So where are all those public assertions of the faithful that they resisted accepting the theory of evolution because of those horribly strident Gnu Atheists, but then became converts to evolution when accommodationists came to town? Maybe there are a few such claims, but I haven’t seen any. And there’s certainly no accommodationist equivalent of Converts’ Corner!
Rosenau demands the highest standard of evidence from Gnus to support their tactics, but feels that bald and unsupported assertion suffices to support his own. In this way he resembles the creationists he battles so arduously. Regarding those creationists, Herbert Spencer once said this:
Like the majority of men who are born to a given belief, they demand the most rigorous proof of any adverse belief, but assume that their own needs none.
But Rosenau goes further: he not only sees no evidence that Gnus have helped erode the respectability of religion, but sees no decline at all in that respectability, Gnu-induced or not:
Absent some sort of evidence that religion is less intellectually respectable now than it was 10 years ago, this first step in Ophelia’s logical chain fails, and the conclusions go with it. And the paragraph above suggests that intellectual respectability has not been necessary or sufficient for its social desirability in America’s past, so the second link strikes me as dubious and unproven as well.
Well, I don’t have the statistics at hand, but I suspect there’s plenty of evidence for this. One is the decline of church attendance in America and the increase in the number of Americans who characterize themselves as nonbelievers. There are the bus campaigns, which didn’t exist a few years ago. There is the fact that all of the Gnu books have been best sellers, while counter-books by people like John Haught and David Berlinski have sunk without a trace. There is the growth of secular, humanist, and skeptical societies, both in society at large and on university campuses. I suspect that if you surveyed the number of colleges who had such societies a decade ago, and compared that to what we have today, you’d see a striking increase. Perhaps somebody can supply this information.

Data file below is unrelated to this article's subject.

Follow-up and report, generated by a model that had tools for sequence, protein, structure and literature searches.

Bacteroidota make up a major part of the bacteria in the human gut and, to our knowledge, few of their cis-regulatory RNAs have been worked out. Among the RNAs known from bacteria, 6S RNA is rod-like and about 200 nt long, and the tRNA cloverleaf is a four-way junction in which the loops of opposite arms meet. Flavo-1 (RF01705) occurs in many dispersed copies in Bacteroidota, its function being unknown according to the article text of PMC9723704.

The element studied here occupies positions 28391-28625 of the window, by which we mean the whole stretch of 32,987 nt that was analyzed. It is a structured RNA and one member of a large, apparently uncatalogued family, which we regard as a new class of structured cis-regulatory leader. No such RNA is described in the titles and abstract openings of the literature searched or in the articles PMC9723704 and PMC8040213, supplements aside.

Now whether the Gnus have contributed to this trend is a different matter, but surely there’s evidence for an increased respectability attached to being agnostic and atheist. Can you imagine bus-slogan campaigns 25 years ago? Or a President who asserts the rights of non-believers in his inaugural address?
And if we do find evidence for the decline in the respectability attendant on being religious? What would Josh say then? He gives a clue:
Maybe the evidence is there. If it is, I don’t know what it shows.
I don’t know what it shows? We’re talking about evidence in favor of a thesis! It must show something!
He goes on:
. . . I’m saying I don’t know, and I tend not to trust people who confidently assert empirically measurable facts without actually offering data to support the claim.
Josh, two words: pot, kettle.